Economic cooperation far from fully tapped

BEING neighbours does not automatically mean that opportunities for economic cooperation are fully tapped. This is the case with Poland and Slovakia, two countries which, despite sharing a border more than 540-kilometres long, are divided by mountains and far-from-ideal cross-border road infrastructure. Experts cite this underdeveloped transport infrastructure as one of the main obstacles to better cooperation.

KrakowKrakow (Source: Michaela Terenzani)

BEING neighbours does not automatically mean that opportunities for economic cooperation are fully tapped. This is the case with Poland and Slovakia, two countries which, despite sharing a border more than 540-kilometres long, are divided by mountains and far-from-ideal cross-border road infrastructure. Experts cite this underdeveloped transport infrastructure as one of the main obstacles to better cooperation.

“As impressive as they are, they are far from fully tapped,” said Polish Ambassador to Slovakia Tomasz Chłoń when asked by The Slovak Spectator whether the potential for Polish-Slovak economic cooperation has been fully realised. “€8 billion in bilateral trade is a great achievement by our business community, but too much depends on the automotive industry, on low cost labour, and too little on innovation.”

According to Chłoń, we need more success stories like Asseco, a strong regional software centre for central Europe providing IT services and products with high added value, while Slovaks could make better use of the opportunities created by Aviation Valley, an aviation cluster located in south eastern Poland.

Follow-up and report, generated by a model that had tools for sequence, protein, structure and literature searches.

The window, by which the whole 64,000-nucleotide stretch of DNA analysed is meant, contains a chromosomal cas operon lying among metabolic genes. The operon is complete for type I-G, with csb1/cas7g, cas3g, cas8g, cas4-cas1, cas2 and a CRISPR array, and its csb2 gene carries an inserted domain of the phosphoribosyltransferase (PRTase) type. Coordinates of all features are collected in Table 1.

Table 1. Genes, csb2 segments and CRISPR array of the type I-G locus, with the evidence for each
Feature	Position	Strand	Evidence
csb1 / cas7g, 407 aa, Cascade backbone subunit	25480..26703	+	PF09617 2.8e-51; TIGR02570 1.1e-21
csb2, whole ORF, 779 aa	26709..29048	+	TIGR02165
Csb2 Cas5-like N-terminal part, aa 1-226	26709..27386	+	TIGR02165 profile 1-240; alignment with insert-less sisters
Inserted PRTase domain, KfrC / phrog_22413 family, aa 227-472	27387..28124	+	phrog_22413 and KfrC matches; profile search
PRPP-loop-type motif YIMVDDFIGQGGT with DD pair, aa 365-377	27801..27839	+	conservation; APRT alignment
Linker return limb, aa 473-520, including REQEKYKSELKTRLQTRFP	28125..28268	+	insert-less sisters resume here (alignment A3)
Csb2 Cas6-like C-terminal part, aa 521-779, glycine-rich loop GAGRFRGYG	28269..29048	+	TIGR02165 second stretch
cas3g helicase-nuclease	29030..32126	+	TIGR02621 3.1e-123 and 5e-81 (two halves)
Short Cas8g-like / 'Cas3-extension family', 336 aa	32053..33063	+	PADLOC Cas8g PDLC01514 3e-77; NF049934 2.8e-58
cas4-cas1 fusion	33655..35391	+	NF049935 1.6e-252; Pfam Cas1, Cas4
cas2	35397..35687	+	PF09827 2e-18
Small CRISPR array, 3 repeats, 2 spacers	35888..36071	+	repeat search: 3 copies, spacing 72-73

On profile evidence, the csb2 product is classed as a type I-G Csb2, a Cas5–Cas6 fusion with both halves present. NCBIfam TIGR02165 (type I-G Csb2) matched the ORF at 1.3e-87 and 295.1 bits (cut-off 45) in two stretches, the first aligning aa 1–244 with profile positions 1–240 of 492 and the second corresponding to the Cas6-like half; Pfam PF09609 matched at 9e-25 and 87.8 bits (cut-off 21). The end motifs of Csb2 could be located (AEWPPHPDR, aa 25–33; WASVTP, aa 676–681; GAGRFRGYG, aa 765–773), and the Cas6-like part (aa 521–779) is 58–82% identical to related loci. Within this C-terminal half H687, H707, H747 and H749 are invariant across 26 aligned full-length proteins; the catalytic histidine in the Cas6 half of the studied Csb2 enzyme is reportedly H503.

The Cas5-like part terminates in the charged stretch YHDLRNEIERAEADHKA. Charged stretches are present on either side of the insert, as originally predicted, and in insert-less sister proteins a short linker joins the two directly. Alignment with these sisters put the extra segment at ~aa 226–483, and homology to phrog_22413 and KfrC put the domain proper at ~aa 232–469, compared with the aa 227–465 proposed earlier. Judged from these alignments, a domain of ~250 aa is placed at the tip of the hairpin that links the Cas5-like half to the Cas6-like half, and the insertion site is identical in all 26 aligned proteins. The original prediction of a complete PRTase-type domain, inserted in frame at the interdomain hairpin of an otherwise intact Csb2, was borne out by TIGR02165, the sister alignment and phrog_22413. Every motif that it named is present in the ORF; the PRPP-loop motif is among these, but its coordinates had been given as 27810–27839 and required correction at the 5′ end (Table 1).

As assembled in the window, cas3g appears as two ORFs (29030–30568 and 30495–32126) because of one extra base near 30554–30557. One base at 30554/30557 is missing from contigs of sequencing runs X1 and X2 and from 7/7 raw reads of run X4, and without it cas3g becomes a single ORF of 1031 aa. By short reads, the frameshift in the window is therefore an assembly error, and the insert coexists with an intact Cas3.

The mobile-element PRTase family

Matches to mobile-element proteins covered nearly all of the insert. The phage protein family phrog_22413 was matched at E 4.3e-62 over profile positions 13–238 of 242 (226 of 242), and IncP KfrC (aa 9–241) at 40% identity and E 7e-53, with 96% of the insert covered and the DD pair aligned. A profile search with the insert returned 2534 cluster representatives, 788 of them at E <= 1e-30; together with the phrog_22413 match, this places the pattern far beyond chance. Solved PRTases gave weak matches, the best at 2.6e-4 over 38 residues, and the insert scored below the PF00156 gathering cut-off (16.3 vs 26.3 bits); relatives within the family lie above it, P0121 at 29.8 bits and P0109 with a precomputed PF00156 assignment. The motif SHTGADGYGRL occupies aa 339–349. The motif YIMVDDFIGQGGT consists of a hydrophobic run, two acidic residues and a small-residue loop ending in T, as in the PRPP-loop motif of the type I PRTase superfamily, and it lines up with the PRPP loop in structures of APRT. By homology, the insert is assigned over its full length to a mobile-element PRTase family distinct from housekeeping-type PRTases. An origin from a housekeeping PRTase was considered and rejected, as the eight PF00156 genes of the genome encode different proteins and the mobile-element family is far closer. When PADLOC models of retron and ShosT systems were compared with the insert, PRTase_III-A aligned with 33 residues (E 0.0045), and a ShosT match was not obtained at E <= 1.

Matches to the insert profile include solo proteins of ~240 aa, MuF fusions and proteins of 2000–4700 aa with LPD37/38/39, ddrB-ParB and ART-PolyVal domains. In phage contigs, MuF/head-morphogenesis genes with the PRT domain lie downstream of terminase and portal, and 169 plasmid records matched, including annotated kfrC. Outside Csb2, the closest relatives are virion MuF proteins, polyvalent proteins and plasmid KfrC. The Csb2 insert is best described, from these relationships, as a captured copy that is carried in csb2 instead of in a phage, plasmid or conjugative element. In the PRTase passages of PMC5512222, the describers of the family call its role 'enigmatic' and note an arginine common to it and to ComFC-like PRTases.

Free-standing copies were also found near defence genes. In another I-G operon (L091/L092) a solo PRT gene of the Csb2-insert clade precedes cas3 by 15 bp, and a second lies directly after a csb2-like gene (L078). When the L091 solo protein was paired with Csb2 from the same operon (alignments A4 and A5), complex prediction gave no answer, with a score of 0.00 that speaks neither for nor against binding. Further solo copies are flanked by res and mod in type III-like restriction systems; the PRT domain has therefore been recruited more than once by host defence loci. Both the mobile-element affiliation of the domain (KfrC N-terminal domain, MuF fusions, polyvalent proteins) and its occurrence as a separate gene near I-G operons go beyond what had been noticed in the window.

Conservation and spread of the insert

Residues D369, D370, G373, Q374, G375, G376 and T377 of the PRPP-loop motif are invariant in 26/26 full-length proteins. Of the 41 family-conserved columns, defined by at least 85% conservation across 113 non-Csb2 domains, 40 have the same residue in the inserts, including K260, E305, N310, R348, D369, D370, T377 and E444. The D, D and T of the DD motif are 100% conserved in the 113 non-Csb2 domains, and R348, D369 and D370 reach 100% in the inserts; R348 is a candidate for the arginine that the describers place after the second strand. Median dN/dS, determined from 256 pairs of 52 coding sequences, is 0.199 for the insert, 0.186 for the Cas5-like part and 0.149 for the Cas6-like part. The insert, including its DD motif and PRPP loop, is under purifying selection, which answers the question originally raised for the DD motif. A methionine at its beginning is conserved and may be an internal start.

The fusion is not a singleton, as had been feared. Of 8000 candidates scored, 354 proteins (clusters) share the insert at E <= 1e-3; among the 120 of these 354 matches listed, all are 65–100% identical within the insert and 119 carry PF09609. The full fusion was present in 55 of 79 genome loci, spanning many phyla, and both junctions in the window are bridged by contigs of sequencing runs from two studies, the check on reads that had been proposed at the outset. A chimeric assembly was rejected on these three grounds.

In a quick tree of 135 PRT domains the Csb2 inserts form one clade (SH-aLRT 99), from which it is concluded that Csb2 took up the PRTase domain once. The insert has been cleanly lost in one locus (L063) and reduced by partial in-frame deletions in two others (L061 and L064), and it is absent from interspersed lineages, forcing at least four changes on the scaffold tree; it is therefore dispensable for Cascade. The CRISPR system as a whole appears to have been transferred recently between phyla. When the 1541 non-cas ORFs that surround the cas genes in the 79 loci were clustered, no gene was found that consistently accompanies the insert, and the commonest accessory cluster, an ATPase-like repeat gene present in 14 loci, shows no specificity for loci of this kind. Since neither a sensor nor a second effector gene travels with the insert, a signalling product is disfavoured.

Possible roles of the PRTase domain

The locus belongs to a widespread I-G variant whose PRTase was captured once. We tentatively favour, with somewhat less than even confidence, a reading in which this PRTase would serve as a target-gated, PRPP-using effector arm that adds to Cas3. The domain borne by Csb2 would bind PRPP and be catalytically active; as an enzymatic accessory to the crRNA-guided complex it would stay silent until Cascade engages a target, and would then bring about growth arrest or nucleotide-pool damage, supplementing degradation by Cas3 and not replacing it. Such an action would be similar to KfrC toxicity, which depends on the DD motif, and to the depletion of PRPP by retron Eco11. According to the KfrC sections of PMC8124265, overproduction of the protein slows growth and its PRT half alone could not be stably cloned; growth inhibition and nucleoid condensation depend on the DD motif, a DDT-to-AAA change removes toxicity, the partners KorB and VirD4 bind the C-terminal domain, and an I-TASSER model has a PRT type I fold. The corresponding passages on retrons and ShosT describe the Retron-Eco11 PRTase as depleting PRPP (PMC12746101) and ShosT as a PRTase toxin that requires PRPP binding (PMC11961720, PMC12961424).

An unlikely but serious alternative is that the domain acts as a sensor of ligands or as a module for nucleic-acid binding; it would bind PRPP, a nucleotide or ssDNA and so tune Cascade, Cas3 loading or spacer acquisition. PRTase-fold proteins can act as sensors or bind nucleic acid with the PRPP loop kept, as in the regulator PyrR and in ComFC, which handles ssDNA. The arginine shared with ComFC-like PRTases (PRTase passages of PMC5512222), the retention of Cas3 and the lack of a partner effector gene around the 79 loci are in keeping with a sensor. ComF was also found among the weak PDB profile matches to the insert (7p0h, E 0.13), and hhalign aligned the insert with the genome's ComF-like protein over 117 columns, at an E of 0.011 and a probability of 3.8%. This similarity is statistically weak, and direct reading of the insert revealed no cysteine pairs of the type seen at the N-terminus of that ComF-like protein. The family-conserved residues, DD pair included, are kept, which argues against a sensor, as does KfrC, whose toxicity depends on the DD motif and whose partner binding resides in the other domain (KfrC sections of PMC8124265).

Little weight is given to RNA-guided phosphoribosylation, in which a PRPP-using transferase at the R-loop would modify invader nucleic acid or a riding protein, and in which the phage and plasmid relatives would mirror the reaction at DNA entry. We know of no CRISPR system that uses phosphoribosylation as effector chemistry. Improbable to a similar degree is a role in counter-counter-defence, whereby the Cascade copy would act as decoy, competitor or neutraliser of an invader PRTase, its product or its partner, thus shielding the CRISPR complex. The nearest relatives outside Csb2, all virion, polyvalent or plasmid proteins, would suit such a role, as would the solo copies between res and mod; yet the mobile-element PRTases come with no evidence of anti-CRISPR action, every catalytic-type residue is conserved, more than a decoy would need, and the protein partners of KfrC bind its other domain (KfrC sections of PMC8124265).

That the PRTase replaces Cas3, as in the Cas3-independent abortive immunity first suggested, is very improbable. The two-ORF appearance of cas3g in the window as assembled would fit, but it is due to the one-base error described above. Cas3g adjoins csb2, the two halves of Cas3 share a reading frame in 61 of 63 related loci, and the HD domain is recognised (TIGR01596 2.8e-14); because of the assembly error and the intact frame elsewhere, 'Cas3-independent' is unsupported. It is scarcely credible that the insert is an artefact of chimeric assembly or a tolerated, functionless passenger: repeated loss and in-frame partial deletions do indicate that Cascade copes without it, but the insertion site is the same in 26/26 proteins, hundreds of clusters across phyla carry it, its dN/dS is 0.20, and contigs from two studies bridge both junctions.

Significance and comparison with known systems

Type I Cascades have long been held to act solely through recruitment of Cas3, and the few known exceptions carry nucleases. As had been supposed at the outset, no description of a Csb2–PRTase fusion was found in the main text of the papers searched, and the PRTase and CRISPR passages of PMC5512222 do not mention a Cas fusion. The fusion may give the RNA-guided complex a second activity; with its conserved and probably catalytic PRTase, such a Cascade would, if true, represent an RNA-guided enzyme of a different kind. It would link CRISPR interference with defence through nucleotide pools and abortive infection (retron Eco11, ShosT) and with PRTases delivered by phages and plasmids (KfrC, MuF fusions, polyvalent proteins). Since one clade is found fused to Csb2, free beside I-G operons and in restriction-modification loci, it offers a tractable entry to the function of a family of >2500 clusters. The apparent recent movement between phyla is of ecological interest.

“Polish companies should invest more in Slovakia and other V4 countries, in the fields of energy, banking, IT, distribution chains and maybe food processing,” said Chłoń. “Road connections, energy links and perhaps defence industry projects are also on the common agenda.”

The Polish Embassy evaluates the development of trade relations between Polish and Slovak entities positively.

“Over the last 20 years, i.e. since the launch of the independent Slovak Republic, the trade exchange itself has increased by almost 30-fold and exceeded €8 billion in 2013,” Piotr Samerek, head of the political-economic section and the First Counsellor of the Polish Embassy to Slovakia, told The Slovak Spectator. “The impulse for the development of Polish-Slovak trade relations was the entry of both countries into the European Union.”

The world economic crisis in 2009 brought a certain slow-down, but that has already been successfully overcome.

Samerek also praised the trade dynamics between Poland and Slovakia, which increased by 13.5 percent in 2013 and significantly exceeded the annual dynamics of Slovakia’s foreign trade, which was 3.1 percent.

Polish-Slovak trade is based on bilateral trade in traditional sectors such as heavy industry products and raw materials, but also in products of industrial fields that developed after the inflow of foreign investments, like the automotive and electro-technical industries. Agricultural and food products are a significant portion of the bilateral trade, making up 16.8 percent of total Polish exports to Slovakia and 7 percent of Slovak exports to Poland, Samerek specified.

“Poland is a significant supplier of agricultural and food products to EU countries, into which 80 percent of the production of these products goes,” said Samerek, adding that Slovakia is not the only significant consumer of Polish agricultural and food products. One quarter of the exports from Poland go to Germany, 8 percent to Great Britain and 6 percent to the Czech Republic and France, respectively.